- Internet access (if not provided by the school and required for class attendance)
- On campus/dormitory room and board for student enrolled at least part-time
- Off-campus meal and housing costs up to a college or university's allowance amount in their cost of attendance figures (contact the school for details)
- Special needs services (wheelchairs and transportation costs)
Non-Qualified Education Expenses
- Transportation (airfare, gas, vehicles used for traveling, travel for moving in/out, etc.)
- Health insurance and medical services (even if they're billed by university)
- Student loan repayments
- Cellphones and other electronics for personal use
- Fees for fitness clubs, fraternity/sorority memberships, and other extracurricular activities
- Lifestyle/personal expenses (mini refrigerators, laundry, etc).
- Rent or meals over a college or university's allowance amount in their cost of attendance figures (contact the school for details)
- Home schooling
- Summer camp
Coverdell Educational Savings Accounts (ESAs)
A Coverdell ESA is a savings account sponsored by a bank or other financial institution. The account is set up to pre-pay for K-12, college tuition, and other education expenses. The savings account's beneficiary must be at least age 18 (or is a special needs beneficiary) to withdraw Coverdell funds. The beneficiary must withdraw the funds before age 30 or the funds will be distributed and taxed. If the age requirements are met, the funds may be withdrawn tax-free if they are used to pay qualified education expenses. If the beneficiary turns age 30 before withdrawing the funds, they may avoid taxation by transferring the account to another qualifying relative or by rolling the ESA into a 529 Plan.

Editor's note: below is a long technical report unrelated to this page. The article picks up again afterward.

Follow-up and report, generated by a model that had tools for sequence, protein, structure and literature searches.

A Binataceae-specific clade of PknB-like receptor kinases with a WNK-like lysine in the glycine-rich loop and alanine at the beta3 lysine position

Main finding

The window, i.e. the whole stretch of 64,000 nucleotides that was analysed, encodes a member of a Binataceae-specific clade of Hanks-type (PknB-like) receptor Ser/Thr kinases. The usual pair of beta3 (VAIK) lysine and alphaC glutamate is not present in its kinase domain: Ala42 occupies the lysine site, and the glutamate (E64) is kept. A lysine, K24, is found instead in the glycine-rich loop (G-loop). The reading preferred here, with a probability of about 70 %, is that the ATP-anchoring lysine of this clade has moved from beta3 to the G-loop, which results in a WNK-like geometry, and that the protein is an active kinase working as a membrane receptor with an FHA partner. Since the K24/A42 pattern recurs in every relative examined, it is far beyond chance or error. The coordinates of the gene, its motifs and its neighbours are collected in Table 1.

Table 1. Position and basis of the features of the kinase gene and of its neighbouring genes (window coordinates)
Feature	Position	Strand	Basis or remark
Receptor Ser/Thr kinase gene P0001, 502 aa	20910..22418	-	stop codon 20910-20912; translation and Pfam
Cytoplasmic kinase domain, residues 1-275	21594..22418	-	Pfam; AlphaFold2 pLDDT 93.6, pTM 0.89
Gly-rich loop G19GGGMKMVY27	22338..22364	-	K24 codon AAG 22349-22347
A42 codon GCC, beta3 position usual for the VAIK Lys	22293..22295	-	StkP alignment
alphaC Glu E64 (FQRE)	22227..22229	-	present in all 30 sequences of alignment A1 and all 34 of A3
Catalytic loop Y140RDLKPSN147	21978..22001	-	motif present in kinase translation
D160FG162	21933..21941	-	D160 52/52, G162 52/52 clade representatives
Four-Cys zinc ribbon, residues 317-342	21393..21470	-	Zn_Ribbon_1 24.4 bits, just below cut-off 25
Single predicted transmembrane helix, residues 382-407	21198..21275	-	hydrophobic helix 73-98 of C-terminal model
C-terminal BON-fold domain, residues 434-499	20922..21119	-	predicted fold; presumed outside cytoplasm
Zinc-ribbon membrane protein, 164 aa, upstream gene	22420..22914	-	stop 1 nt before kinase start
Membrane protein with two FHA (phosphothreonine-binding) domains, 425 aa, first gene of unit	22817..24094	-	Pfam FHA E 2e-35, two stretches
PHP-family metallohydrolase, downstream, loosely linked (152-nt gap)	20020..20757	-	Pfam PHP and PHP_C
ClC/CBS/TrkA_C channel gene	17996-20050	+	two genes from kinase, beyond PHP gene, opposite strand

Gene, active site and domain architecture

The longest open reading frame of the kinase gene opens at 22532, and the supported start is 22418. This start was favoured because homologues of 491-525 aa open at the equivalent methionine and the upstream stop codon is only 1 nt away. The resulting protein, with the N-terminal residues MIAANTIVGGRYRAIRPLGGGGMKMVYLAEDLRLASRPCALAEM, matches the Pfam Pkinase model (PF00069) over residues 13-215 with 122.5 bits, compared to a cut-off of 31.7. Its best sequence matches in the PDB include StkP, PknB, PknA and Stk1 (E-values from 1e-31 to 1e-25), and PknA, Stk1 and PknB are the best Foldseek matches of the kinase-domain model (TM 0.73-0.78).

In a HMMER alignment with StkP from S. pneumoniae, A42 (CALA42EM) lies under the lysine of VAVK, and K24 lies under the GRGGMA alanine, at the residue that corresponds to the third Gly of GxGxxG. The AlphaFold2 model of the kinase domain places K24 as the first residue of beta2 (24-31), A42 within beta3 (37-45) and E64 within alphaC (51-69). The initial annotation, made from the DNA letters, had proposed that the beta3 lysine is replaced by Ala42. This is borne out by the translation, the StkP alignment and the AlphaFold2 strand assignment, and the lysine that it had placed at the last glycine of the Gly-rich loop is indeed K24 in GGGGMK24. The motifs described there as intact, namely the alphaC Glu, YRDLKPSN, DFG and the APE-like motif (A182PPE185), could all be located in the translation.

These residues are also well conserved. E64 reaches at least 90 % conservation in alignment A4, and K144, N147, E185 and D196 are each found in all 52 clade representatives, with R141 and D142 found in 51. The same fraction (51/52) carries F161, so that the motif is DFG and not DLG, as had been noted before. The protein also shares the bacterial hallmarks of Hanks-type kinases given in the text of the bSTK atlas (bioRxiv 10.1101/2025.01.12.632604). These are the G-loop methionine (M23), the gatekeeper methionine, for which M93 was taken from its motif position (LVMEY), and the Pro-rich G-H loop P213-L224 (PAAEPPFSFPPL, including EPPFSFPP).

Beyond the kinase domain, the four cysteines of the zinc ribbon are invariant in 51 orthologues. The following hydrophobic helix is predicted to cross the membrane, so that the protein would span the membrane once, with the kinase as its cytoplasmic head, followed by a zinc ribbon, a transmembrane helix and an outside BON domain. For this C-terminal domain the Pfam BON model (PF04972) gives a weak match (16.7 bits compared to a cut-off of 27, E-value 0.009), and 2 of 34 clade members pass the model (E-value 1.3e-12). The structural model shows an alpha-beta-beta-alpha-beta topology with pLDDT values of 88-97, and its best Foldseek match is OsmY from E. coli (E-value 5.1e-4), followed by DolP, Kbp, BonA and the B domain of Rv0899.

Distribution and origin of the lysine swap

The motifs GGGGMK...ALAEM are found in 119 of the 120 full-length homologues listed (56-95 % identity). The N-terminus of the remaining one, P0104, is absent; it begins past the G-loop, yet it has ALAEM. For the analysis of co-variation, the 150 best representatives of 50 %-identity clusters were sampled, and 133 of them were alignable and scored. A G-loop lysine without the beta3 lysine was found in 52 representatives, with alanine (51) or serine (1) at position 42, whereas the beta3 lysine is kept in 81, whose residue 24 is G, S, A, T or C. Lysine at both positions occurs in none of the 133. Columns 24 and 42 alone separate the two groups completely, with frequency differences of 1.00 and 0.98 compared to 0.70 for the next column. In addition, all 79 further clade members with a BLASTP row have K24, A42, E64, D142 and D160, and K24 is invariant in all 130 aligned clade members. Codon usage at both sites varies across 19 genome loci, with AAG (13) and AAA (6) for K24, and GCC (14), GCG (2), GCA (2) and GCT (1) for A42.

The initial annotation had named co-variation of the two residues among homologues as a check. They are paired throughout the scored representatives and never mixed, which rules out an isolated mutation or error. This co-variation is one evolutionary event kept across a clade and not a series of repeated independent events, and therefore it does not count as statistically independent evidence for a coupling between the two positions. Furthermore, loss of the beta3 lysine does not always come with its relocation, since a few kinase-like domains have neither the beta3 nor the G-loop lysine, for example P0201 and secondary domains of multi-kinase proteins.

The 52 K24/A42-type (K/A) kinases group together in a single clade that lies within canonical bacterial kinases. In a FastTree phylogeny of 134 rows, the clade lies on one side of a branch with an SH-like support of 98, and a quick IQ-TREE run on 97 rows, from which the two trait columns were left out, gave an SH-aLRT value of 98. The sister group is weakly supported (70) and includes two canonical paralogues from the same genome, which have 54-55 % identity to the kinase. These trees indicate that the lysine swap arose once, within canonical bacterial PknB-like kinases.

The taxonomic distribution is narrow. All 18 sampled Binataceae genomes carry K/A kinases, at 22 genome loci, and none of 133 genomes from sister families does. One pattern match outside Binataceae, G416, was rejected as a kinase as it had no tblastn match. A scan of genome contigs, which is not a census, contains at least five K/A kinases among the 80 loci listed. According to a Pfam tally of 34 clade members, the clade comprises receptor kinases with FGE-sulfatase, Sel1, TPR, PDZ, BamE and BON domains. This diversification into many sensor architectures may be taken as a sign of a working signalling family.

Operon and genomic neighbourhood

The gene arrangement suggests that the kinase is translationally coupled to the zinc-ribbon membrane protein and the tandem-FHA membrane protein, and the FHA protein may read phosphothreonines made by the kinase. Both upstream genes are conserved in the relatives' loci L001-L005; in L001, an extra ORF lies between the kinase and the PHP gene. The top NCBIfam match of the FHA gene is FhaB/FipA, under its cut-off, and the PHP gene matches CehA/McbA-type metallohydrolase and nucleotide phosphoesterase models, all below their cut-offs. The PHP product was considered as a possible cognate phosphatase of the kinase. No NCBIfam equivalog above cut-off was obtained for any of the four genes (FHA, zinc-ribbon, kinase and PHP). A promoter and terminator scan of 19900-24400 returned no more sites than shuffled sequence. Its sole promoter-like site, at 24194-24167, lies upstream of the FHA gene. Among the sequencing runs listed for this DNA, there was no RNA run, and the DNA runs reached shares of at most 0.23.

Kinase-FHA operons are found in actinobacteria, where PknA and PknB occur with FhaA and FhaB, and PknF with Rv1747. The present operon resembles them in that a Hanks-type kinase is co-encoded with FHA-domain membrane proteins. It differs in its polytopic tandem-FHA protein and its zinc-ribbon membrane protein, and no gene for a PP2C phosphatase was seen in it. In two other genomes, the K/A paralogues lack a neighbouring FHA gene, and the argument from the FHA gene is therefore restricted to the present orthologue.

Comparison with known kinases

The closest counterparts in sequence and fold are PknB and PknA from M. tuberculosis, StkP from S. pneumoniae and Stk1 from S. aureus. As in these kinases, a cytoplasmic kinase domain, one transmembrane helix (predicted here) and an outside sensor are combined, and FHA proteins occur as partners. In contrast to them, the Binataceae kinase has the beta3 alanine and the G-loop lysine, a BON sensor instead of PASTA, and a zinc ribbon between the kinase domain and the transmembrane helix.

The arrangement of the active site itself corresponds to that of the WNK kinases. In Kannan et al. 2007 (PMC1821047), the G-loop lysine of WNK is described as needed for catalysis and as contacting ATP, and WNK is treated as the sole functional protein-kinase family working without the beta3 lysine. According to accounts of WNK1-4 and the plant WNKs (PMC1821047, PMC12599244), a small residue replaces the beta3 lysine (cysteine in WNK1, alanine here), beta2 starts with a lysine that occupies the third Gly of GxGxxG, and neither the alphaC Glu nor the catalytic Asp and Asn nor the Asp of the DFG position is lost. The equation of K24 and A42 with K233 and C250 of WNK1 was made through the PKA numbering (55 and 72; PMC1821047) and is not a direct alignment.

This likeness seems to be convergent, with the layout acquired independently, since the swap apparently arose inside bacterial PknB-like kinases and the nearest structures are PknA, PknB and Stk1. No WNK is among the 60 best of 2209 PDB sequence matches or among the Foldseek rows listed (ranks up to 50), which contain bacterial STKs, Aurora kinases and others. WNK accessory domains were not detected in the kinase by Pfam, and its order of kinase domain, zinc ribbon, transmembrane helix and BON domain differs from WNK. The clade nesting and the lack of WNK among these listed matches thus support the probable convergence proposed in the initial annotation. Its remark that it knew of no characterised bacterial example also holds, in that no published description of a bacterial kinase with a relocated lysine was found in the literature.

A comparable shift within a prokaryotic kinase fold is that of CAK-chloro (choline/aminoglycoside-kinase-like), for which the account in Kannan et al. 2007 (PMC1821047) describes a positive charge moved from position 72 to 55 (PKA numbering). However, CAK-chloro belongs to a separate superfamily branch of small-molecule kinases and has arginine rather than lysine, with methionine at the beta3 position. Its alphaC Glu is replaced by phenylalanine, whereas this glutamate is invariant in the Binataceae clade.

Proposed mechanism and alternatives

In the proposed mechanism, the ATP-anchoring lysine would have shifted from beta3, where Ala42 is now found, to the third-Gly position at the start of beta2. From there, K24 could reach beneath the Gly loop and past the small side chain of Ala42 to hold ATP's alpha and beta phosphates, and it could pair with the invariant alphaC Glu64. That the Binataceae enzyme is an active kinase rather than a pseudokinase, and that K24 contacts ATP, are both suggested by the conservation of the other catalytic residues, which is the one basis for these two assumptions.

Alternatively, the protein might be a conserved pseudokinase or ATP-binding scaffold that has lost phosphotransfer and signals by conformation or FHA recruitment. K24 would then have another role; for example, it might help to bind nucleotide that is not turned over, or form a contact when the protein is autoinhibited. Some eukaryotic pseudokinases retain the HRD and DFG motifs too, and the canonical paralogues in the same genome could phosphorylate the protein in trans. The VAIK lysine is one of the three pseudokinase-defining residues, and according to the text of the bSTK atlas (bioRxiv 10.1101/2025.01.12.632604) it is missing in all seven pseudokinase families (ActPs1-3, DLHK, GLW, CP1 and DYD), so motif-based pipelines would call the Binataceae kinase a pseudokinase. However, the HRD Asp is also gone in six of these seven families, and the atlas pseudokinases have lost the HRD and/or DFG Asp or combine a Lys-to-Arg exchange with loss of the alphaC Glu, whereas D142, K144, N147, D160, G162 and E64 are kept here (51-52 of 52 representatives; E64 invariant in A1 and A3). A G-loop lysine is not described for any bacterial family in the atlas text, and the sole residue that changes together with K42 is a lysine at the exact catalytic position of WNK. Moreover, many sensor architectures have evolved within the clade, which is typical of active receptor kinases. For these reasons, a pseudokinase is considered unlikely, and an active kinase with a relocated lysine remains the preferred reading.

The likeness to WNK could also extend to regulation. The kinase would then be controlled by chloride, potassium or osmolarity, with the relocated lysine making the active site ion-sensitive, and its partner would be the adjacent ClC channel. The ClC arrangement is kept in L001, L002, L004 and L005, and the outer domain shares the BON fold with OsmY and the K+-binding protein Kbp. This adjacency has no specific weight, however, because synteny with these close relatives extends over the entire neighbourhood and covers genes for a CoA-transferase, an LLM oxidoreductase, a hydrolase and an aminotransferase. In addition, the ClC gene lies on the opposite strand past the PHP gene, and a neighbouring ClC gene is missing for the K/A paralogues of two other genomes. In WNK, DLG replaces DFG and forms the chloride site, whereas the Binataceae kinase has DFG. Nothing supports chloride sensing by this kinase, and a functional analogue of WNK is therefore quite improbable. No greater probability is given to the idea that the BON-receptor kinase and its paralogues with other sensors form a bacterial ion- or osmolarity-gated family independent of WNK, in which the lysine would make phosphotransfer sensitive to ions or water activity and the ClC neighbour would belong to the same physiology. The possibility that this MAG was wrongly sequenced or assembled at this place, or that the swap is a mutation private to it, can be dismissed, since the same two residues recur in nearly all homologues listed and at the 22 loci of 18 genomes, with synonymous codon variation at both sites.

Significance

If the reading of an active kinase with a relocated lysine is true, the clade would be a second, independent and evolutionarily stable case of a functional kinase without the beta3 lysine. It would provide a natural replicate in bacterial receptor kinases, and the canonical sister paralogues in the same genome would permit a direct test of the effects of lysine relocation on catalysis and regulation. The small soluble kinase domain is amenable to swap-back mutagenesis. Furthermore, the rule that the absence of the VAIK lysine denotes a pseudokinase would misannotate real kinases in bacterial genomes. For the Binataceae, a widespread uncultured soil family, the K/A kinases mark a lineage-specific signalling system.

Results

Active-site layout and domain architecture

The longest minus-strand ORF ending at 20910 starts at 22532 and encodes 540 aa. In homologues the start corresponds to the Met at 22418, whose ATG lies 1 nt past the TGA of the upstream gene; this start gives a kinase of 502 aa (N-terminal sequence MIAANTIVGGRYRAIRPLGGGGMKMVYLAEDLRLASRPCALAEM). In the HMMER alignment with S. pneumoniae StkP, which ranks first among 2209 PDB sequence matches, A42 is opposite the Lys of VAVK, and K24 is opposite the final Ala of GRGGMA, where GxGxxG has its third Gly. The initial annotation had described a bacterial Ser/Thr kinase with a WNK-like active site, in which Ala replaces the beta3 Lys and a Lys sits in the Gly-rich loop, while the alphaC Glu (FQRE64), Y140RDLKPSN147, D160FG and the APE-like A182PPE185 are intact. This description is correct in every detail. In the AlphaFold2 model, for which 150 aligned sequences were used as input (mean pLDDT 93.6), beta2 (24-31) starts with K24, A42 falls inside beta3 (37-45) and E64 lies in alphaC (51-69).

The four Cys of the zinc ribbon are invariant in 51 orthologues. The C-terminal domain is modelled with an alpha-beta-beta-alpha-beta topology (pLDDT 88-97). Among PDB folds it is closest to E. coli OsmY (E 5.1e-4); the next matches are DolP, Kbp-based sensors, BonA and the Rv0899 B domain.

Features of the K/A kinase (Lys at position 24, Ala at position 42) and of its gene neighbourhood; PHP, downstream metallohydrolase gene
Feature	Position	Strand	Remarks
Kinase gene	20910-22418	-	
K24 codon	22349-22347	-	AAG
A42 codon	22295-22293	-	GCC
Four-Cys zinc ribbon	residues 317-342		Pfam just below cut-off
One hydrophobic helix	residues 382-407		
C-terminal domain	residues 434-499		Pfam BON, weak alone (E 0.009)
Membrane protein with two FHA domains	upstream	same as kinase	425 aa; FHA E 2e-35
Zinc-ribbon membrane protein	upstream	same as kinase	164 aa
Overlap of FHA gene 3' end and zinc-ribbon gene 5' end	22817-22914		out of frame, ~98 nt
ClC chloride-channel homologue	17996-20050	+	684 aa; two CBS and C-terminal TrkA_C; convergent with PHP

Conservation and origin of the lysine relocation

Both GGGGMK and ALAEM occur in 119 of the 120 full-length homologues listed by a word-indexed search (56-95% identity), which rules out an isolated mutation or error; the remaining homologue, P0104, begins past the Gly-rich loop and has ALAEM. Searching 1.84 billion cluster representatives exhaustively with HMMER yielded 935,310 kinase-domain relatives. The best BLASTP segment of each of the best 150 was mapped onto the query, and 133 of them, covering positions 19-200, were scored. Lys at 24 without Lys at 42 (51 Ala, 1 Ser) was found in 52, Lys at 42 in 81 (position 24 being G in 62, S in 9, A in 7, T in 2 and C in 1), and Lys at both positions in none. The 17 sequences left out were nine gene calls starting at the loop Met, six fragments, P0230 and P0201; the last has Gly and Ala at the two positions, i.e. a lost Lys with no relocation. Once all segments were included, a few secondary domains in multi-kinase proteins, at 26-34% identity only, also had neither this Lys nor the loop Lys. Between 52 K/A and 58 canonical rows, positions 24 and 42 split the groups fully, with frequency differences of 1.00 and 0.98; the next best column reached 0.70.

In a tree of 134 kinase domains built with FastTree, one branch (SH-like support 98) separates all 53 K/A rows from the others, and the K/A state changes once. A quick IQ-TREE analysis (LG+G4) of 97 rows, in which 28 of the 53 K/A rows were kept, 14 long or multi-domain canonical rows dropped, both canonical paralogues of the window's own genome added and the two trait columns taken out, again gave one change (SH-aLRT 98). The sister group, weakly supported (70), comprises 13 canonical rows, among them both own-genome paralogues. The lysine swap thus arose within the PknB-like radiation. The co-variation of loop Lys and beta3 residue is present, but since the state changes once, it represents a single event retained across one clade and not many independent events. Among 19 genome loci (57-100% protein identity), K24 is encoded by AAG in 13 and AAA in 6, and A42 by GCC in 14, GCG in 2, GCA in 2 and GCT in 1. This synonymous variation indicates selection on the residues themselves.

Qualified Education Expenses for Coverdell ESAs
The following expenses are qualified uses of funds from a Coverdell ESA (note that a computer and internet access are not covered):
- Supplies required for class attendance
- Special needs services and expenses
- Room and board (if the student is enrolled at least half-time)
Coverdell ESA Restrictions and Limits
Coverdell ESAs have certain restrictions that 529 Plans do not have:
- Funds must be withdrawn or transferred after the beneficiary is age 18, but before age 30.
- Qualified expenses do not include computers or internet access.
- You may not contribute if your income is more than $110,000 ($220,000 if Married Filing Jointly).
- There is a maximum annual contribution of $2,000 per beneficiary (not per account and not per contributor).
Education savings accounts can be complicated, so let efile.com help you with your 529's and/or ESA's if this information overwhelms you. Answer a few simple questions during our tax interview and we will select the right college savings forms for you. Then, we will automatically make the calculations. It's that easy! Please contact an efile.com Taxpert if you have more questions about college savings.